10. I don’t need to use full size shampoos, conditioners, and soaps. I started buying travel sizes for lotions, and shampoo bars instead of bottles. Shampoo bars are better for the environment as there is nothing to throw away. Ivory soap is biodegradable, and stackable! I threw out a bunch of products I haven’t even been using.

The time we really spend in our homes is minimal when you think about it. You are at work about a third of the time you are awake or more. When you are not at work, you are out with your kids, or out at the park, if the weather is nice, or you go out with friends. The time we spend at home tends to be in the evenings, before we go to sleep, and early morning before we go to work. Weekends we may spend all day at home, but you can see we don’t spend a lot of time in the house. Living in a camper due to the small space almost pushes me outside to tell the truth. It will be cozy when the weather is inclement, but I’ll be outside a lot of the time. Yet, the camper is large enough for company should someone visit me and need a bed. There’s an extra bed on the other end that folds up into a breakfast nook with a table. Neat, huh?

Granted, living tiny isn’t for everybody. Some just like their houses, and that’s quite all right. Living tiny appeals to me because I am so aware of how much time gets sapped away on Facebook, TV, video games, and working, and I find myself listening to other people who wish they had time to go to the beach, or time to read a book, or spend with someone they love. The start of living tiny for me is getting back to basics, and spending less time on technology (not giving it up altogether), and finding that I have time now that I am not distracted by TV or the need to be “entertained,” to read a book, or to write in my blog. Work is necessary, in order to live, but work will not define my life. I am doing what I love and I realize that, by writing here, and writing about rats, and I’ve never realized really that writing is what I love to do until I lost everything that was distracting me from seeing what I really love. Who I really love.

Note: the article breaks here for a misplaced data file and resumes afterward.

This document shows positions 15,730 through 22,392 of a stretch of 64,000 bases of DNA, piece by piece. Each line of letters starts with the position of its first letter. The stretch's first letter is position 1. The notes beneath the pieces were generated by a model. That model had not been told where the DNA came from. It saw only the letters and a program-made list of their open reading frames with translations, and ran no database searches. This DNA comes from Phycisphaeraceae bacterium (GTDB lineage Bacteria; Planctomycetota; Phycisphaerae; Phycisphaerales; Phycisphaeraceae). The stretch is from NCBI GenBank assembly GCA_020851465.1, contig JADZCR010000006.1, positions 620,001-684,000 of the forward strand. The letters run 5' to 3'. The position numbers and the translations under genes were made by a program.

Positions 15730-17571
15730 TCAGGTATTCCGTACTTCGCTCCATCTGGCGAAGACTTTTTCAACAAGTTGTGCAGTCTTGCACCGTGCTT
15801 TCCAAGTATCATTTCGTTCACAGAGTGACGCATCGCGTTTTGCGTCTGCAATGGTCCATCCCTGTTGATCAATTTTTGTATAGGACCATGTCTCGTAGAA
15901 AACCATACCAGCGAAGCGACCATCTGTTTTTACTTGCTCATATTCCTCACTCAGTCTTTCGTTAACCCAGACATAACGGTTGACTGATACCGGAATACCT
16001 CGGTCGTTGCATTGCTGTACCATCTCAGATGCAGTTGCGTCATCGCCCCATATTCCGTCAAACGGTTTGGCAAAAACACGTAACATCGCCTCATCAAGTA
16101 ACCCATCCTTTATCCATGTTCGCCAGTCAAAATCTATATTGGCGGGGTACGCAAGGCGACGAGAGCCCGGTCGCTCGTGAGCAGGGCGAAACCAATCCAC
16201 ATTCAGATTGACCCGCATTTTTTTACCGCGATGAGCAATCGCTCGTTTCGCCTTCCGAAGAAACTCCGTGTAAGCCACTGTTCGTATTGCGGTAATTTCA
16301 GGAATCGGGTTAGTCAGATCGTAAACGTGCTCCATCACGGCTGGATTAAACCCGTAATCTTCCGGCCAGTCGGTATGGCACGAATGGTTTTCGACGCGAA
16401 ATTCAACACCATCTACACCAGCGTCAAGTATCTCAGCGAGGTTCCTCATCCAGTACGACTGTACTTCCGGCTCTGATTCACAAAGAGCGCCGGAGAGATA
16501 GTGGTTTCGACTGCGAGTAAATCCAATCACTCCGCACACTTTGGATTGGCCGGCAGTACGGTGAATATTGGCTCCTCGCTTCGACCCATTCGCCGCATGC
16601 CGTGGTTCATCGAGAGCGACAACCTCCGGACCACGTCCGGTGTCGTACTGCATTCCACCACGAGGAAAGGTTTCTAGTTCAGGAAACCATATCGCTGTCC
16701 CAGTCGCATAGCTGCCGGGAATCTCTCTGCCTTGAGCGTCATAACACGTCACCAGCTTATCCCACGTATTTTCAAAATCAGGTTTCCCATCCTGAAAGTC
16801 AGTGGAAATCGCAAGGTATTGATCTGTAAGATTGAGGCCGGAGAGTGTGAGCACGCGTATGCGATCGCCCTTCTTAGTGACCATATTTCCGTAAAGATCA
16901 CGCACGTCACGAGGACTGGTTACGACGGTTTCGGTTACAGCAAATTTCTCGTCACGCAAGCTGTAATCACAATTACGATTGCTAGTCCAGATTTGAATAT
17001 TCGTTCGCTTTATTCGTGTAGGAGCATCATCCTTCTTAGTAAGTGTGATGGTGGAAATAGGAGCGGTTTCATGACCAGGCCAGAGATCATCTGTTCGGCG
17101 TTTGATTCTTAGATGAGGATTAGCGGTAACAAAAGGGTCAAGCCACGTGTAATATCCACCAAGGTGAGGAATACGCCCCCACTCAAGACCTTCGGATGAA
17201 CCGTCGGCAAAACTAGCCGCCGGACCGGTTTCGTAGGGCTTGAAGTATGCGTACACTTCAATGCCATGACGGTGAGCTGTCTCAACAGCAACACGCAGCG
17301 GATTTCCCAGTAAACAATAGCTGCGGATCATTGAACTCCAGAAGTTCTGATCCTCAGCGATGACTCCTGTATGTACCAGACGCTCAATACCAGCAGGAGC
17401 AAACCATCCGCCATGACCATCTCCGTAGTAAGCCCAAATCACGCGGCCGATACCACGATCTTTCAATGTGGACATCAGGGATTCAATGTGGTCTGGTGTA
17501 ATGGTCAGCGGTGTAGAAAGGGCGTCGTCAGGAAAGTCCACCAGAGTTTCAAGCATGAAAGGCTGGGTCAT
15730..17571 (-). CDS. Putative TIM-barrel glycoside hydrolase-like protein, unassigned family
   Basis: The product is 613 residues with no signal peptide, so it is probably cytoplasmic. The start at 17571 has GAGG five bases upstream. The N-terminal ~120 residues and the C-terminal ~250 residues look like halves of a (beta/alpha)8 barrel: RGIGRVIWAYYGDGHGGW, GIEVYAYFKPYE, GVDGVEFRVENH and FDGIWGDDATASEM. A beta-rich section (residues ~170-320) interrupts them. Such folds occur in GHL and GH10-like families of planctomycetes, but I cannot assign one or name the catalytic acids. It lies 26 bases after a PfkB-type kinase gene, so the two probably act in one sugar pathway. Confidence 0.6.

I feel like my imagination and my mind are waking up after a long sleep. I could have a garden in large pots. (I can’t dig up my lot). I could have a pallet garden. I can hang wind chimes. I can paint a scene on my camper…I can do some seriously cool interior design in my vintage camper--my mind is working out possibilities.

Why do we think we need to do what is expected of us? Go to school, graduate, go to college, get married, buy a house, pop out 2.2 kids, get old, retire, THEN go RVing? We think if we fail to achieve this illusory American dream we are somehow failures. I know I went through that for a long time as my finances didn’t seem to pick up at all and I felt I was underemployed in comparison to how highly educated I am. What if we are trained to believe if we don’t follow that line, don’t achieve what we are “supposed” to==what if we are TRAINED to believe we are failures?

Oh my darlings. You are not failures if you don’t have the house with the white picket fence and retirement enough to go to Florida and live in a condo. Don’t fail to live. Reducing my circumstances (which let us not forget I was FORCED into), has slowly started to mean a better quality of life, which seems counter-intuitive in a way. Money really doesn’t buy you happiness. Quality of life is what brings you happiness and you do NOT have to be rich to live well.. Trust me. It’s a myth. The money you can save by simplifying your life…well, already it’s astounding to me. Doesn’t take a lot to live well.

It is a myth we will bust together if you want to come with me and follow my adventures. I plan to write day by day the struggles, the problems I encounter, and the innovative ways I find to solve them. I will share my joys, what I learn in terms of big ideas and profound thoughts, and what I learn to make life easier in a tiny vintage house. Who am I? I’m just a teacher without a classroom, because finding a job that pays well has really been difficult–I’m just an English teaching, Emerson and Thoreau spouting woman who loves nature, reading books, writing journals and blogs, loves art, swimming in Lake Superior, and clearing away the clutter to find out who I really am. Who are you?

emerson

Contemplative night while the eggs boil

I heard a story once about Michelangelo. He was asked how he could sculpt such lifelike, beautiful sculptures. He considered a moment, then replied, “I chip away all that is not part of what it is.” Or something like that.

That very thing is what is going on here. This isn’t about a woman living in a camper. If that is all it was about it would be boring. Plenty of people camp. Then they go home and park the camper and go about their lives.